Yet, by a Herculean effort, a ‘forward’ air base was established on Ascenscion Island. The RAF made a contribution to the Falklands War much beyond what could have been expected.

The picture in 1982

Vulcan - a strategic Bomber in 1982

Vulcan - a strategic Bomber in 1982

The Royal Air Force in 1982 was heavily geared up towards the Cold War. This was reflected in its assets and its locations – in the UK and in Germany. As well as providing air defence over Western Europe, the RAF provided battlefield support to the Army – in the shape of ground attack and helicopter support, as well as transport. But most of its aircraft were ill-suited to fighting as far afield as the South Atlantic.

The ageing Vulcan Bomber was beginning its withdrawal from service in 1982. Nevertheless, it had a wide range, and after significant retraining and engineering work a fleet of Vulcans was made ready to launch long-distance bombing raids from Ascenscion Island. As well as rendering Stnaley airfield inoperable to fast high performance jets, this also caused the Argentines to fear Bombing raids on the mainland itself, withdrawing fighters to defend Argentine cities and dispersing their effort.

Victor tankers performed a vital task in fuelling the long distance bombing raids. Harrier GR3’s were flown to the Aircraft Carriers to provide ground attack capability, although of the 10 that arrived 4 were lost. Nimrod Maritime Patrol aircraft operated from Ascenscion, and Hercules transports maintained an air bridge between there and the UK. At the time the RAF Lacked an AEW (airborne early warning) capability.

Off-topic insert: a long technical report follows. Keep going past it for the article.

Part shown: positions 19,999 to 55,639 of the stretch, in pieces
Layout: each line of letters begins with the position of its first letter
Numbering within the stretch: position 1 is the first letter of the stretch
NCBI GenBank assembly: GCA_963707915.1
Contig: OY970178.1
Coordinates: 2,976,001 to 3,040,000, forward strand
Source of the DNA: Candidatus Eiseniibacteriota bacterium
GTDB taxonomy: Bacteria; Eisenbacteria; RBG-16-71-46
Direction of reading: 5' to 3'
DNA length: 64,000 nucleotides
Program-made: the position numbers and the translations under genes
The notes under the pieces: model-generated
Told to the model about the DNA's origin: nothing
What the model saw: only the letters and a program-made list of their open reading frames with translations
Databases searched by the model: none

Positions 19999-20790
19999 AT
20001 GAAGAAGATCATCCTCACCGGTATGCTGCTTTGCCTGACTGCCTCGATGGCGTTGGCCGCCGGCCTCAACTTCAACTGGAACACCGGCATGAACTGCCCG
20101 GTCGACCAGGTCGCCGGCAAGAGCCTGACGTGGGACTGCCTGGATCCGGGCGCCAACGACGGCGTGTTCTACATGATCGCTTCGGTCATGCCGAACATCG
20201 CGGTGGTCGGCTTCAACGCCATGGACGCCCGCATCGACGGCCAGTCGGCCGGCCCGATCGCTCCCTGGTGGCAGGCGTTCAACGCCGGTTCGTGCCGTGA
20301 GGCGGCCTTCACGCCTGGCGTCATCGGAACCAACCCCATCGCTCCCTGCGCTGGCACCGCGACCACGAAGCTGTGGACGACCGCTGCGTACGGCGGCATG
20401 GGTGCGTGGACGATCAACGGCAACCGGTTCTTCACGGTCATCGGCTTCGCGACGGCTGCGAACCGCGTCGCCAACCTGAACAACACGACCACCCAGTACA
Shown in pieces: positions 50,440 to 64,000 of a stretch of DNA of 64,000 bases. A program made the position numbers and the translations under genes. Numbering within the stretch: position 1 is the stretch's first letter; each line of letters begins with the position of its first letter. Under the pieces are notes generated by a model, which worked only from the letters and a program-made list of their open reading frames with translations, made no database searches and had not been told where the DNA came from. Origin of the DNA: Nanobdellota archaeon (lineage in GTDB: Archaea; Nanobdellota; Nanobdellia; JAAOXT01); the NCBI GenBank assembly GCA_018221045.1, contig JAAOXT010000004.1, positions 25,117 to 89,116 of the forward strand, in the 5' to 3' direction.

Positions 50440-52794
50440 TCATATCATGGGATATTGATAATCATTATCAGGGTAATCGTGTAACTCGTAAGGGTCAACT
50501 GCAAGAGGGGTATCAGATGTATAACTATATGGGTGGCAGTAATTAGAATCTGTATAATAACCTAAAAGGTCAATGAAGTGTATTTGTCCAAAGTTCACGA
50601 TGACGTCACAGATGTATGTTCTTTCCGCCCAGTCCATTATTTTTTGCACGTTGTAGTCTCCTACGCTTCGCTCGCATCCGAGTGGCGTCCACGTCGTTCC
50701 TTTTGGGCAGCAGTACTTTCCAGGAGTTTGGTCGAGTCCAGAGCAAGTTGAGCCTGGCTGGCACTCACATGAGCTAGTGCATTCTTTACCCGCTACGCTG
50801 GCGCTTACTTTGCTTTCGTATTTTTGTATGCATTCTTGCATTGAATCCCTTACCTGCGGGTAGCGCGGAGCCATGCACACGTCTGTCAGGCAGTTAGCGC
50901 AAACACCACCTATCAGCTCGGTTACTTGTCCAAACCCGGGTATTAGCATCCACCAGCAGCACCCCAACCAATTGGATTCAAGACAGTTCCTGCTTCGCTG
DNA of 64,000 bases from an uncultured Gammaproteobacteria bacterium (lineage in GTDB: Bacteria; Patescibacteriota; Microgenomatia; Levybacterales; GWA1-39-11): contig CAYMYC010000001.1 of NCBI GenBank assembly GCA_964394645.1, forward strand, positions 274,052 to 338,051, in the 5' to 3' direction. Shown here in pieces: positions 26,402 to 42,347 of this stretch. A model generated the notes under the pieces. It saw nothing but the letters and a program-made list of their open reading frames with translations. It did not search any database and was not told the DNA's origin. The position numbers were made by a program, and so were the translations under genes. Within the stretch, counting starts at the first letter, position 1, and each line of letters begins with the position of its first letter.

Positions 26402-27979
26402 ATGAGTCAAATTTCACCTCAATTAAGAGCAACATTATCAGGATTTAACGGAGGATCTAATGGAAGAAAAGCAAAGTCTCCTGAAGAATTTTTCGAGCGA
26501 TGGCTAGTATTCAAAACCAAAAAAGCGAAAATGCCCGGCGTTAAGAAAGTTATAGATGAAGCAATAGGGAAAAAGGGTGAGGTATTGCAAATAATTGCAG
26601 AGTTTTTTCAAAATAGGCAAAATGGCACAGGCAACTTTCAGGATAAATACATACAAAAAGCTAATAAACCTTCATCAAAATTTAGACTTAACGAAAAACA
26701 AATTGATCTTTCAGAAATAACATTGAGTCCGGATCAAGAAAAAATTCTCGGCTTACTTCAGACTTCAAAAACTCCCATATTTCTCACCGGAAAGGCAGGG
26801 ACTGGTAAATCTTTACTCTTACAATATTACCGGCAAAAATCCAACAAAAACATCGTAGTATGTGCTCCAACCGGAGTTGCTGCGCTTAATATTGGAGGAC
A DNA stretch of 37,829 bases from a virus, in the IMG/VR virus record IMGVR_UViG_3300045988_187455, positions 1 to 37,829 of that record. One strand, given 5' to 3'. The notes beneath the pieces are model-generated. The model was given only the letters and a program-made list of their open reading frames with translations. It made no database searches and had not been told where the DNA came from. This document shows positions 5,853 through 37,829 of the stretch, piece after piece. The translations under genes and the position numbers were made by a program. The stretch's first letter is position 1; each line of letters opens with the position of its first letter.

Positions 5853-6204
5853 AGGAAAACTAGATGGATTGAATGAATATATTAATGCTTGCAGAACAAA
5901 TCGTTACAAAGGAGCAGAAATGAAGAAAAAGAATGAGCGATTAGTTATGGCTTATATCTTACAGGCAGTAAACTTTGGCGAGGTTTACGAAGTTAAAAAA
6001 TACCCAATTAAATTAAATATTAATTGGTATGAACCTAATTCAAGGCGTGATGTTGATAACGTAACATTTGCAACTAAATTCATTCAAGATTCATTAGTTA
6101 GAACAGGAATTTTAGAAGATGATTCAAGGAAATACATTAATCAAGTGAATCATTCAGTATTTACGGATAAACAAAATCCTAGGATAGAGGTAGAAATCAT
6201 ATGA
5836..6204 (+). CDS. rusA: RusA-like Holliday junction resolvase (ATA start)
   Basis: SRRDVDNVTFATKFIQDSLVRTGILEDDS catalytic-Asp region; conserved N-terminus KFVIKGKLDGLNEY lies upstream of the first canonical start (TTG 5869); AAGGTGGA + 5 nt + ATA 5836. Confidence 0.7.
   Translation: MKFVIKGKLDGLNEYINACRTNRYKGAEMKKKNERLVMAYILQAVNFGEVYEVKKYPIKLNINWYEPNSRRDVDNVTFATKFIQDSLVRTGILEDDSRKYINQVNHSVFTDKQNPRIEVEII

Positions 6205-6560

4 Chinook heavy-lift Helicopters were transported south on the Atlantic Conveyor. Fortunately one, Bravo November, was airborne when the container vessel was sunk. The lack of heavy lift support made the land war on the Falklands a hard slog for the foot soldiers.

The picture in 2009

An Army Apache on exercise onboard HMS Ocean

An Army Apache on exercise onboard HMS Ocean

The Vulcan Bomber was retired soon after the Falklands War, with no replacement in the long range, strategic bombing role. However, there is a more than feasible replacement in this respect, in the shape of the Submarine-launched Tomahawk missile. With no other aircraft in the UK inventory (including the hundreds of Typhoons and Tornados) having anything like the range needed to operate from Ascenscion to the Falklands, nor the ability to operate from Aircraft Carriers, all air defence and attack would be reliant on the Carrierborne Harrier GR9’s. As we have already discussed this is far from ideal, as they are a completely different aircraft to the Sea Harrier, designed for a completely different role.